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Shoe fit

leftync

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For the past few decades, I basically looked at shoes as dressy looking sneakers, wearing mostly Rockports, with some Dexters and Bostonians, all rubber soles, cemented. I've done some reading about better shoes and better fit, and I wonder if the loose, heavily cushioned shoes I've always worn are the best way to go. I'm planning to come out of semi-retirement (was pursuing a late-career PhD) and resume working full time, probably next year. Since I've dropped some weight and a few suit sizes, I started reading a bit more about style.
My shoe sizes of course, haven't changed. I didn't want to invest hundreds in a single pair of shoes that might last for decades, given my already advanced age. So I bought a couple of pairs of Allen Edmonds at Poshmark and Ebay, in surprisingly good condition. I thought I'd be paying for resoling, but probably not for a year or two with either. I've sprayed a few layers of Tinactin, wiped them down inside and out, applied leather conditioner, wax and polish. Surprised at how nice they look and feel, and I've enjoyed bringing them back. The better leather does seem to make a difference in longevity.
I've always had a wide foot, 11 3E. One of the pairs I bought, a Park Ave., was supposed to be a 12E, but was actually an 11E. I've followed all the instructions on stretching--rubbing alcohol, heavy socks, hair dryer--and they've stretched enough to put in 6 mm of cork and a leather/charcoal insert, and fit snugly.
And there's my question: is snug the way they're supposed to fit? Every video and article seems to suggest that. The bespoke videos say they should stay on without lacing, and you should feel the air go in and out as they come on and off. The Park Aves seem to have that bespoke fit (for $25 plus shipping, $10 of cork and an $18 insole). Only issue is that there's a noticable V at the laces, which should be covered by a slight pants break when I wear a suit anyway (although I might get them stretched a bit more by a cobbler).
The other AE shoes are Coltons ($20! in great condition), a brogue derby in 11 3e. Normal fit for me, but I've added an AE orthotic and a thin flat memory foam insole to make them fit bit snugger. Neither shoe is too comfortable without some padding (and with the cork imprint of a previous owner).
Is hugging, but not squeezing, the way to go? Or is a looser, softer cushioned better? I'd prefer not to find out through pain and discomfort. Any thoughts on fit?
 

Sfroide3

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Short answer: snug but not painful (identify pressure points). Some lasts are more comfortable than others. If your shoes are too big: it's not good for creases and in the end your shoes life expentancy, it's dangerous because you got no support from the shoes (you can injure yourself, ankle, etc), you will rub against the interior of the shoes and thus destroy your socks and risk blisters. The shoes game is to find find brands and lasts that fit you well.

source: business insider
 

BColl_Has_Too_Many_Shoes

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This illustration that @Sfroide3 has put up is an excellent indicator of how the facings should look. You definitely want them snug, without ruining your circulation, for support.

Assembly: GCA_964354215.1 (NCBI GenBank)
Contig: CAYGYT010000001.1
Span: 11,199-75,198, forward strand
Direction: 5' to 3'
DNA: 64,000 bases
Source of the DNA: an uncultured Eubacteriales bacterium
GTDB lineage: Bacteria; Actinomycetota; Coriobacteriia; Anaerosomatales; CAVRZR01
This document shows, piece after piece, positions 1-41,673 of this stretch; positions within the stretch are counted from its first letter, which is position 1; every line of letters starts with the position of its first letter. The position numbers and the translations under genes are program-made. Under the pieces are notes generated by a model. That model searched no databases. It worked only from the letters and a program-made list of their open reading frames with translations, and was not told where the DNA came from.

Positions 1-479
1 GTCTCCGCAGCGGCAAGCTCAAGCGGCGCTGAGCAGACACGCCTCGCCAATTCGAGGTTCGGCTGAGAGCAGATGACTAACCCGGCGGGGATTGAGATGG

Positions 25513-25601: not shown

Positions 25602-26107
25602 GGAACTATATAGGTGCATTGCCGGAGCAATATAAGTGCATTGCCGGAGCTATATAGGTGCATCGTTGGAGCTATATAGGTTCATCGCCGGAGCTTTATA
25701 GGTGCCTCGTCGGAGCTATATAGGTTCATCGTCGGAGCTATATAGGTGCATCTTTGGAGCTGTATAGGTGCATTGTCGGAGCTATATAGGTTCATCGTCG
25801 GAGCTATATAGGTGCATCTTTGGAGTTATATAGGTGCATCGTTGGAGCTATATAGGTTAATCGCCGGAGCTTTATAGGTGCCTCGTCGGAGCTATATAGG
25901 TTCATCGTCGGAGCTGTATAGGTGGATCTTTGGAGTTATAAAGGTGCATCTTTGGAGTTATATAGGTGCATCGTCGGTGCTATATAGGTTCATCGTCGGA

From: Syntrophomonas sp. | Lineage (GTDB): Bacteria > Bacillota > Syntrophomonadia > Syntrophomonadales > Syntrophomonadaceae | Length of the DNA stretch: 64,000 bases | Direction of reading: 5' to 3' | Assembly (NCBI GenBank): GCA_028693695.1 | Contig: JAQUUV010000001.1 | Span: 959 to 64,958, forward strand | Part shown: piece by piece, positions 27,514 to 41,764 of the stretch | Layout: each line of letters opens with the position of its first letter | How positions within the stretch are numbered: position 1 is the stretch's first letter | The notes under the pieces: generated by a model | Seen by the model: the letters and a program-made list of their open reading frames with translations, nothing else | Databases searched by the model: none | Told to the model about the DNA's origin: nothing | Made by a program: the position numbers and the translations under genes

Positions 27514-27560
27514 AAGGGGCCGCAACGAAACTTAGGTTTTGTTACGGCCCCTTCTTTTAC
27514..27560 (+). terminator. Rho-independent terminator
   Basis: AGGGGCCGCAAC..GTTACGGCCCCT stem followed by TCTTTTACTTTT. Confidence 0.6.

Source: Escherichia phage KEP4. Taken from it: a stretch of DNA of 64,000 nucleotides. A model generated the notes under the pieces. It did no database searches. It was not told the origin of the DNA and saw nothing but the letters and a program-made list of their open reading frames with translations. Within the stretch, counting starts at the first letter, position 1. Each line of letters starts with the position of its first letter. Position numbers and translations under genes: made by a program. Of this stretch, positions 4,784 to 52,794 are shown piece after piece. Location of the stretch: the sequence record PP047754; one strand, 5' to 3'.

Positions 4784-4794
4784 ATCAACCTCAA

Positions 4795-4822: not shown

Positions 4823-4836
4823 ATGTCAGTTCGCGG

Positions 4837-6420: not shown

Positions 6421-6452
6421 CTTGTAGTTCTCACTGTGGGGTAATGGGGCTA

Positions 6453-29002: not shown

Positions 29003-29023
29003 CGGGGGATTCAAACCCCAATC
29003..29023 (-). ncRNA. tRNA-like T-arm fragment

My father loves looser fitting shoes because it was what he was accustomed to. Having said that, he was a mechanical engineer who routinely wore Rockports, Clark's, dark sneakers etc. I'd liken his work to a laborer or a person consistently on their feet.

A person who works primarily in a sedentary job (like myself) does not require the same latitude. Consequently, a tighter fitting shoe would be extremely comfortable as we would not experience the constant friction and movement that being on your feet for 8 to 12 hours at a time experience. Personally, I also enjoy that "locked in" feel. Essentially a suit of armor for your feet.

Saying all that, I would choose the fit that will either suit your style (personal taste) and/or lifestyle. Basically, only you can answer that question.
 

leftync

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Short answer: snug but not painful (identify pressure points). Some lasts are more comfortable than others. If your shoes are too big: it's not good for creases and in the end your shoes life expentancy, it's dangerous because you got no support from the shoes (you can injure yourself, ankle, etc), you will rub against the interior of the shoes and thus destroy your socks and risk blisters. The shoes game is to find find brands and lasts that fit you well.

source: business insider
Short answer: snug but not painful (identify pressure points). Some lasts are more comfortable than others. If your shoes are too big: it's not good for creases and in the end your shoes life expentancy, it's dangerous because you got no support from the shoes (you can injure yourself, ankle, etc), you will rub against the interior of the shoes and thus destroy your socks and risk blisters. The shoes game is to find find brands and lasts that fit you well.

source: business insider
 

leftync

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Interesting photos. Almost look like my two pairs, particularly the left, with the snug fit and wide V laces (which look fine, IMO). but I did cut the stitching on the sides of the tongue; no problems, and a more comfortable fit. The shoe is contoured in a way that's new to me.
I have more flexibility with the 3ees, so I might add an insole or a layer of cork. In the future, I think I'll buy E or double-E, rather than triple-E.
 

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